If the receiver gets over the top of the defender. That is the receiver's ace in tlie hole. I call turn . If the receiver beats the defender a t the line and gets behind him. he has a t w o . Defensive players are wound tighter than offensive football players. The defender has panicked and is going t o go t o tlie last place he s a w him. The route may break a t 10 or 15 yards. as the hand comes tl-rough. In tlie back of tlie defensive back's mind is. If receiver has t o be great w i t h liis feet and great a t the receiver can stay low. If I am on the other side of the defender. the receiver swims over the arms. his shoulder just for the simple reason I have longer arms. When w e are doing the rip move. W h e n t l i e numbers on the work on." Instead of coming over the shoulder. If the receiver does that first he will be a step ahead of the defender. There is very little surface t o hold him up. t h e receiver can lean on tlie defender. but i t doesn't matter. instead of the elbow. If t h e body position is right.w a y go.his back. He closes on the receiver longer than the defensive back. break . which allows us t o get by and into a move." The first thing defensive backs want is t o get their hands on the receiver. There is no weight over his feet and he slips. w e can't turn the shoulders as well. unless the receiver is tall. I mean when the receiver sl:icks or breaks a route. I like the rip because i t keeps the receiver low. He is a little target for the defender t o weight over t h e feet. Whether i t is in the course of a route or the release. The receiver's jersey come up and go back. but i t will hurt the defender. If the receiver is big. They lunged a t us. he should move in the direction where he last s a w -the defender. He can't get his hands on me like I can him. i t won't hurt you much. tlie foot must come through also. the defensive advantage o f a big receiver is his arms are generally back reads that as a break. not up. he is open. He is n o t just a l i t t l e stronger than the receiver. I have t o cross his w h o l e body. What w e t r y t o do is break the elbow w i t h a rip. I don't like the swim move. always knock thedefender's hands off. But when w e go t o knock his hands off. I t exposes too much body. I don't believe slipping is entirely an accident. The swim I like t o do is called the "short swim. a t some point in his I like big receivers over small receivers. You know where the route breaks and the defender doesn't. He has more leverage because of those arms. Come t o find out his weight wasn't over his feet. 'That also causes the defender's shoulder t o turn. A t times the defender will be really strong. If you slow the projector down and watch a guy's slip. defensive back. As long as he can have separation he has time t o react t o w h a t the receiver is goiqg t o do. When the receiver's foot gets through. I think i t is very important t o have his numbers on his jersey over his feet. his numbers are back and his feet forward. 'The receiver doesn't want him t o have any time t o react. But if you have t o go t o the ends of the wrist. Always come down on a defender's hands. i t is six points. the receiver is going t o win. i t doesn't matter if the defender is faster. We use the foot fire. w e have t o go t o the elids of his wrists. Alabama did t h a t t o our receivers. Let's talk a little about running routes. The receiver never wants the defensive back's hands on him. If the receiver has superior position. A small route he will have an encounter w i t h the defender. We never show our numbers t o the lie can do anything he wants w i t h the defensive back. each receiver has t o use w h a t lie does best. The best way t o figure out if your players liave their numbers over their feet is t o have a w e t day outside. W e do the same thing. "If I foul this thing up. and at the minimum be open for an instant. t h a t helps t o keep the getting skinny. particularly the defensive backs. However. I watched a lot of film and found the same guy slipping down all the time. If you come down on the arms. and pins his hip. As the receiver goes upfield he needs t o be on the side of the defender that the route is going t o break to. A tall receiver is a bigger target and is hard t o hold on the line of scrimmage. There are various things t h a t are going t o happen before the receiver gets t o the point he isgoing t o break his route. If the receiver can stay relatively low. he is sufficiently stronger. When a receiver runs a route.the route.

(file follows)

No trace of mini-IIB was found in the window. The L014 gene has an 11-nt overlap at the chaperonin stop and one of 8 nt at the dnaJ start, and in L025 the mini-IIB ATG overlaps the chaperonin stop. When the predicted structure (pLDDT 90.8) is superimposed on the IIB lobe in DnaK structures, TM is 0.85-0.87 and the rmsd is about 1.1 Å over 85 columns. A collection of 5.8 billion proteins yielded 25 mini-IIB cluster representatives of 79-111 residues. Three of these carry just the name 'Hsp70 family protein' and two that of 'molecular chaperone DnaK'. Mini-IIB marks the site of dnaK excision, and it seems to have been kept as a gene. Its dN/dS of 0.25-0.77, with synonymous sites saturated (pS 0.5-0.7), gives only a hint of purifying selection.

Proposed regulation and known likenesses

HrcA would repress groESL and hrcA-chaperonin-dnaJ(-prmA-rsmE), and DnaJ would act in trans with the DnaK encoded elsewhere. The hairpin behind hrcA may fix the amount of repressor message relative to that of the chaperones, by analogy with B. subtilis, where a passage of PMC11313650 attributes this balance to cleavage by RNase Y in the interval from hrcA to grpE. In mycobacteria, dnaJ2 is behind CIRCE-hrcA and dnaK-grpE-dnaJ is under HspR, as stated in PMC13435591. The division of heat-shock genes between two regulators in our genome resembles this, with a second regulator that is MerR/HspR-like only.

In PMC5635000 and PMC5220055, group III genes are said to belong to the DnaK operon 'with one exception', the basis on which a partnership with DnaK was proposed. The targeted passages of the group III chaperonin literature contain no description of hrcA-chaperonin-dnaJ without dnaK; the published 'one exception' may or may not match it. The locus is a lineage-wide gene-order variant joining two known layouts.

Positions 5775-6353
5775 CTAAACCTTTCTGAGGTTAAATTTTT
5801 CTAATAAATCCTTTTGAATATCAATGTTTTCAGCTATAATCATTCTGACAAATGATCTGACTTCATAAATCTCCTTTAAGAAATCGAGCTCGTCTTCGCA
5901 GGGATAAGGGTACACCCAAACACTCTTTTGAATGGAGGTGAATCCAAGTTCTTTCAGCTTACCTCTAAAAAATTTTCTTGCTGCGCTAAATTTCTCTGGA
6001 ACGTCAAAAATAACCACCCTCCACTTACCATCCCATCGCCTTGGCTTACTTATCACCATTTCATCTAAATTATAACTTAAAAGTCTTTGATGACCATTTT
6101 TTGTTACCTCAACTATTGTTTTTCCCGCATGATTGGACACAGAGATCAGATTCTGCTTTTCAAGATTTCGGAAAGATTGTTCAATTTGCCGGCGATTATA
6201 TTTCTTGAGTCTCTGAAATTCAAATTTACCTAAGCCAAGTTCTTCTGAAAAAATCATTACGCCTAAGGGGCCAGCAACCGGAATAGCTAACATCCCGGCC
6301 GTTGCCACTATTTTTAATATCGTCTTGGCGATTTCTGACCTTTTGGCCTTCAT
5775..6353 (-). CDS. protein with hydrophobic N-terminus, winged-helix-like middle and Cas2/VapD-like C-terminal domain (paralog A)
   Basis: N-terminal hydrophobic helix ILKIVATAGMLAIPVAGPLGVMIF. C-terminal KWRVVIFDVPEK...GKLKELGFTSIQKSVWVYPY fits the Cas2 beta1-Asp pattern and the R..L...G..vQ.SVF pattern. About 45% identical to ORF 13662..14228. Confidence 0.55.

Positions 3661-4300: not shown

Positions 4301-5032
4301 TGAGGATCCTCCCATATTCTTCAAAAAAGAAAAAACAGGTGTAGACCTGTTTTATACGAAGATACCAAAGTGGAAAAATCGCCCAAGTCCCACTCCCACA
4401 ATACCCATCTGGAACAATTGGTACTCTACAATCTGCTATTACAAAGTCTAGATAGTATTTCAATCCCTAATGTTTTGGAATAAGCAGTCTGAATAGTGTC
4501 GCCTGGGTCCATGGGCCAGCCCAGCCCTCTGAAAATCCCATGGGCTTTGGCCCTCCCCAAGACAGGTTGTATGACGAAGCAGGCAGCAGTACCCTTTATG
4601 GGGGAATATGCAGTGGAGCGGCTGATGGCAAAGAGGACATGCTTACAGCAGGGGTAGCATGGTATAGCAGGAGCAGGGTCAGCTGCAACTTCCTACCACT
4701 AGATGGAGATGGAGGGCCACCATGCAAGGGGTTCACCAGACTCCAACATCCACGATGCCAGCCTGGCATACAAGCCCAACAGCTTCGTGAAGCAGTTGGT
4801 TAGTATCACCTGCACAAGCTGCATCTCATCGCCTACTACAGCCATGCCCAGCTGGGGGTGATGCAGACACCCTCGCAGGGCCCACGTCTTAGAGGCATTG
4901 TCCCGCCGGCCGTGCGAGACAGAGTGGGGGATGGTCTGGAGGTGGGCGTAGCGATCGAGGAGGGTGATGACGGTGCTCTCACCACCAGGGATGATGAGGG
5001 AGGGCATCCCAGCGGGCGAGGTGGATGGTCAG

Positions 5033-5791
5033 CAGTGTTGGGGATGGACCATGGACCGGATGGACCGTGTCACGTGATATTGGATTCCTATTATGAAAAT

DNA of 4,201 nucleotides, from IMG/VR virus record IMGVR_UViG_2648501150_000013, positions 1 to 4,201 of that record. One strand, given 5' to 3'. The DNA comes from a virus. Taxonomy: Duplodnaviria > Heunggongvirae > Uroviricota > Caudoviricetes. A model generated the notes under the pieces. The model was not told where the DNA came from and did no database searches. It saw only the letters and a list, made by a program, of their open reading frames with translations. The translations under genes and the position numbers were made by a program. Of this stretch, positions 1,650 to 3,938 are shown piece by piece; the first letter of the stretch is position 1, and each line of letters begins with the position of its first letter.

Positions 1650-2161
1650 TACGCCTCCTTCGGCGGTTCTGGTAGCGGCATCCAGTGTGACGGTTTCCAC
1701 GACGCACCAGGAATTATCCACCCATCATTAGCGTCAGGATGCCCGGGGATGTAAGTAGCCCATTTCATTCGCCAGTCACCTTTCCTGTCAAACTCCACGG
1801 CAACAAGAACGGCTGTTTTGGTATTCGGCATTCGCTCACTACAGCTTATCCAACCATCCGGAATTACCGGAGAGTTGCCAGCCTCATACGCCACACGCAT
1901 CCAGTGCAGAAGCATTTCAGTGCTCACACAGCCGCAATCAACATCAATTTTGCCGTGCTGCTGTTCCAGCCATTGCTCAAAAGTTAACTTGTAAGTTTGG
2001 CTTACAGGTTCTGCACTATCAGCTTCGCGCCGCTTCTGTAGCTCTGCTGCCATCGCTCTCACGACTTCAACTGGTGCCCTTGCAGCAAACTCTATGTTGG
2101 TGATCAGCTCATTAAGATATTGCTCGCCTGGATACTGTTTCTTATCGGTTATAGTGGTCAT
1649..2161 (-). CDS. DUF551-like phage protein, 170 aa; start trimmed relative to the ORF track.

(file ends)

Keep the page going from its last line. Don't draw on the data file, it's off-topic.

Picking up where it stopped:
he gets an We do t w o drills at post-practice. If w e you. you w ~ l be surprised w h a t w i l l happen. If the a t the highest point.t h e other side. see the receiver. The Another thing that is kind of in the experimental drill I like is called the "last fivesteps of a route. If he does that the speed can't get there t o cover. They air and they run for 15 yards wi-th their arms stretched don't like t o have their space invaded.the steps t o the side that you touch. looks back t o the his route t o the outside. but if his hands are or1 him." Occasionally. like the trick you played on your buddies in school. You reach around and pat him on the shoulder away from I appreciate the opportunity t o talk t o you. He has t o turn About half way through the quarterback's drop. That means defensive backs kind o f see w i t h their hands. receiver in half and work w i t h the jugs machine. He is like a pizza delivery guy. W h e n t h e defensive back is n o t touching the receiver and his back is turned is the most vulnerable position. I t will happen receiver's hands. it makes the defensive back hesitate. If a and the defender. If t h e receiver touches t h e defensive back on -the o f f shoulder and breaks the other way.the ball without making a sound. The receiver is down the field about 10 yards. . and brakes the defensive back's cusl-lion. I think i t distributes the weight of the receiver receiver is creating more separation between himself and allows him t o come out of his cut really fast. The W e stress coming back for the ball and catching it receiver wants t o get t o the out as quick as he can. he knows where he is. He can run 40 outside. and reac1:ion catching. It is posts without expending any serious energy. by alignment w e are outside the defender. quarterback. receiver sticks his route. The receiver has . The quarterback takes his beats the defensive back. The sharply. defensive back beat on the out by alignment." That stages is h o w t o break the route once the receiver drill IS exactly what i t says.the defensive back will have his back t o the receiver. You are losing ground on the route receiver sticks a route i t allows him t o cut really but you are gaining ground on the defender. give When the receiver gets ready t o make his break w e want him t o accelerate the hands. There will be a out. They see the ball in the Defensive backs are kind of paranoid people. If the receiver wants t o break receiver sticks his route. W e work on hands down has t o be a constant thing. he leans on him and breaks. 'The reason is catching . If you knock his hands off. touch him on Kentl~cky us a call. the t o run w i t h . The receiver goes ver-tical drop. He looks that way. When they do that i t breaks the when the receiver breaks his cushion. W e have a couple of receivers right n o w who run w i t h their arms outstretched. He can't develop soft hands. We work on hand placement. He is not low any more in a full-out t o get the defensive back's hand off him. That give's the defensive back the impression t h a t the receiver is going faster then he is. Thank you.the receiver. The receiver has receiver's stride. Knocking the sprint. l Most of the time the defensive back takes a couple of I'm big on "stick routes. and catches the post. There will be a time in the route where . W e split the uncomfortable feeling. instead of gearing down. All he has run is 5 The lean tells the defensive back the receiver is going steps and he has gotten a catching rep. Instead of leaning into the can ever do anything for ~ U I Ja t the University o f defensive back and breaking that way. All that is doing is telling the defender that the time in a receiver's route where the defensive back ball is conling and probably is in the vicinity of the tries t o get his hands on the receiver.
This action might not be possible to undo. Are you sure you want to continue?
We've moved you to where you read on your other device.
Get the full title to continue listening from where you left off, or restart the preview.